5 Tips for Delivery of Competitive Intelligence - dummies

5 Tips for Delivery of Competitive Intelligence

By James D. Underwood

As you prepare to present your competitive intelligence to your organization’s leaders, you need to spend some time working on your delivery. What you say and how you say it are equally important in improving the chances of having your intel put into action.

As momentum builds, change spreads more easily through the rest of the organization. By the time you have 10 to 25 percent buy-in, your intel is almost assured of eventually achieving full acceptance. Your briefings should clearly be focused on building those numbers; in other words, your briefings need to be convincing.

Focusing on the positive

If the chief issue of your briefing is a threat that the organization must take action to avoid, you certainly need to describe the threat in order to talk about it. But don’t dwell on it. Focus most of your presentation on possible ways that your organization can respond to the threat and the positive outcomes that are likely to result.

If your initiative instead calls for pursuing a newly discovered opportunity, avoid any mention of past mistakes or failing products. Instead, talk about the opportunity you discovered and the potential revenue gains and other potential benefits.

How to avoid imperatives and ultimatums

As you transition from collecting and analyzing intel to convincing decision makers to take action, your role as analyst transitions into the role of diplomat. In this role, avoid using imperatives, such as must and should, as well as ultimatums, which convey arrogance and tend to put people on the defensive.

If you start feeling the need to be more forceful, ask a question instead. That person may have a very good reason for his lack of enthusiasm over your intel and what it entails related to his own position and interests. You might say something like, “I’m getting a sense that you’re hesitating here. May I ask what your concerns are?” Be humble. Others may know something you haven’t considered.

How to offer alternatives, prioritize issues, and remain detached

One of the best ways to lessen resistance among decision makers is to do most of their work for them. Here are some suggestions for developing a presentation that preemptively addresses any concerns or objections and is likely to make your audience more receptive to your intel and its ramifications:

  • Anticipate and address any objections. By addressing possible objections upfront, you demonstrate that you thought carefully about the issue and the ramifications of possible responses.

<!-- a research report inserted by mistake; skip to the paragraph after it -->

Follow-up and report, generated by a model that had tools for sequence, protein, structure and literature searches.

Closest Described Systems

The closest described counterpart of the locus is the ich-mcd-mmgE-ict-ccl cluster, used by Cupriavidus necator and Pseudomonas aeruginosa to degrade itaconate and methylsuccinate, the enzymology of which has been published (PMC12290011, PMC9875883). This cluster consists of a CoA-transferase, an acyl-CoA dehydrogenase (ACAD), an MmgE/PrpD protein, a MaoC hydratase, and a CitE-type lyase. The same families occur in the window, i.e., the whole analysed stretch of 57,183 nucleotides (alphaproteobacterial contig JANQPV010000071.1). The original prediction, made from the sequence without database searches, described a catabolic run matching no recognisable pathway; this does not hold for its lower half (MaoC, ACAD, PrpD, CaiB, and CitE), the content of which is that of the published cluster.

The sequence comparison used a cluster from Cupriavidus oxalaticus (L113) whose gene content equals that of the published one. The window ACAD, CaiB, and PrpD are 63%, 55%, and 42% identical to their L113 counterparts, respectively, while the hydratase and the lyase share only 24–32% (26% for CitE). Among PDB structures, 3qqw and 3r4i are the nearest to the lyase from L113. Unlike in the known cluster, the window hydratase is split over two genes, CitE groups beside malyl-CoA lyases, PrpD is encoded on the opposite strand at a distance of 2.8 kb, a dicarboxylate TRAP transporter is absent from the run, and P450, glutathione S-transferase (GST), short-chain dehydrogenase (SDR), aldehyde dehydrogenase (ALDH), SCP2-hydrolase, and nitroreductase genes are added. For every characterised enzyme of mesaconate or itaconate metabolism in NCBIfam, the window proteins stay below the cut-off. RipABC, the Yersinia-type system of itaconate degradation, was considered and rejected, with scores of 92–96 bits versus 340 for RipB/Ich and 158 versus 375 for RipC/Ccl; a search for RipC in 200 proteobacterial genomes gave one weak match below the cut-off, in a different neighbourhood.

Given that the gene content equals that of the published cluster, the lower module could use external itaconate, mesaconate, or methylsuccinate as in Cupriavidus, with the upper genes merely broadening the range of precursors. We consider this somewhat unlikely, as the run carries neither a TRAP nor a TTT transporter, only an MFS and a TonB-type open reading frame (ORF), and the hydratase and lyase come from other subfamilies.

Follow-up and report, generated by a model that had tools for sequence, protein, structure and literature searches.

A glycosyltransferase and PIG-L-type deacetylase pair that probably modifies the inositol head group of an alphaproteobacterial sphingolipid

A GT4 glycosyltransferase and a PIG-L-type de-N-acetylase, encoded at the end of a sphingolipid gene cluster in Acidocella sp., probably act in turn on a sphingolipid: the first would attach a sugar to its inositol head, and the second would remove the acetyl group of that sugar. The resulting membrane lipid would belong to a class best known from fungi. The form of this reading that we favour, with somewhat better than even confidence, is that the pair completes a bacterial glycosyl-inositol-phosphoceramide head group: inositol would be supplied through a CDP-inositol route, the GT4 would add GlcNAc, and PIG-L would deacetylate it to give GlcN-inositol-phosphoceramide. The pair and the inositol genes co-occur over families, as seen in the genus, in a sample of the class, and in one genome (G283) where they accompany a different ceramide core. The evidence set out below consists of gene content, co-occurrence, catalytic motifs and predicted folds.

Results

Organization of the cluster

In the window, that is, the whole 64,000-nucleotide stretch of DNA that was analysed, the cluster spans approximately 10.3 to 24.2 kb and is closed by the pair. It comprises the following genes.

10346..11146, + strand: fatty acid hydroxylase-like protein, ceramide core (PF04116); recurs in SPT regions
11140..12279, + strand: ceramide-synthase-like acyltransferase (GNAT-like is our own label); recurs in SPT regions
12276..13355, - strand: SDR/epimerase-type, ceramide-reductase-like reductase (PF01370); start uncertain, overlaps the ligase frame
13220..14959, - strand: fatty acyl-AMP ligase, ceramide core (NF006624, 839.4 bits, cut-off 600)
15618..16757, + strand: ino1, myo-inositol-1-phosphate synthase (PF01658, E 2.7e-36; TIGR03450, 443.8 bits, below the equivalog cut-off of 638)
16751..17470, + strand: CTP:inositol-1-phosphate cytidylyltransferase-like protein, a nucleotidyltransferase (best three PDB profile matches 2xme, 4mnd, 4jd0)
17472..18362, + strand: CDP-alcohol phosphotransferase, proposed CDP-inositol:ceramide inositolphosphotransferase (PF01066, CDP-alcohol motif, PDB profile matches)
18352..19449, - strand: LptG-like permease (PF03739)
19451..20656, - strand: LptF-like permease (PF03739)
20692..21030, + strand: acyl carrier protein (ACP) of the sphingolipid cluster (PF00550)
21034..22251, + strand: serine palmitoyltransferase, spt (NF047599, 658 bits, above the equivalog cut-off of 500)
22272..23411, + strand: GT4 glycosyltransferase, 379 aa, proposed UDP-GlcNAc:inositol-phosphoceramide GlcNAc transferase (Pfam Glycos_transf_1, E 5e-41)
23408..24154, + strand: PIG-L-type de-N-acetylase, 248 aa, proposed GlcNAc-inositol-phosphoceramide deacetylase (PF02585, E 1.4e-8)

• Offer alternatives. If alternatives exist, present those alternatives so the decision makers have a choice other than a simple “yes” or “no.”

  • Prioritize issues. When prioritizing issues, try to align your priorities with those of the decision makers — or at least recognize their priorities so you can establish some common ground.

  • Remain detached. Don’t engage in emotional or political battles. Focus on the facts and what’s best for the organization. Opposition is usually driven by emotion. The best way to overcome opposition is through logic, so keep the dialogue focused on facts and figures.

How to clear the pitch with your competitive intelligence cluster

Before you deliver your pitch to a decision maker who can shut it down, rehearse with your CI cluster and make sure everyone approves. Your cluster can not only help you polish your presentation but also engage key executives prior to the presentation for the purpose of gauging and anticipating resistance.

You have to win over your CI cluster in order to have any hope of winning over the rest of your organization, so work on convincing your cluster first. New ideas get shot down roughly 80 percent of the time. Great intelligence may be useless if you fail to manage the process of convincing key decision makers. Your organization only wins when you’re able to conquer internal resistance.

How to communicate critical information in change-resistant environments

If you ever get the feeling that senior management just isn’t listening, it’s probably because it’s not. Senior managers have been known to treat CI with a certain degree of passive aggressiveness, letting the CI team gather and analyze data but ignoring the resulting intelligence. To alleviate this problem, try the following approaches:

  • When submitting your intelligence briefing, mark the urgent status in red to call attention to the high level of urgency. Just be sure to use the urgent status sparingly, only for truly urgent matters, so it maintains its impact.

    When submitting urgent items, marked in red, explain why those items are marked in red — because the information appears very accurate and the impact may be significant. In this way, you’re signaling the urgency of taking action without telling a superior what to do.

  • After submitting an urgent competitive intelligence briefing or memo, send a separate e-mail message to reinforce the urgency of the situation. You may even want to call leaders on the phone or stop by their offices.

  • If you can arrange it, give the briefing at a meeting of senior management and your internal sponsors (especially the senior executives who are part of your CI team) or internal customers.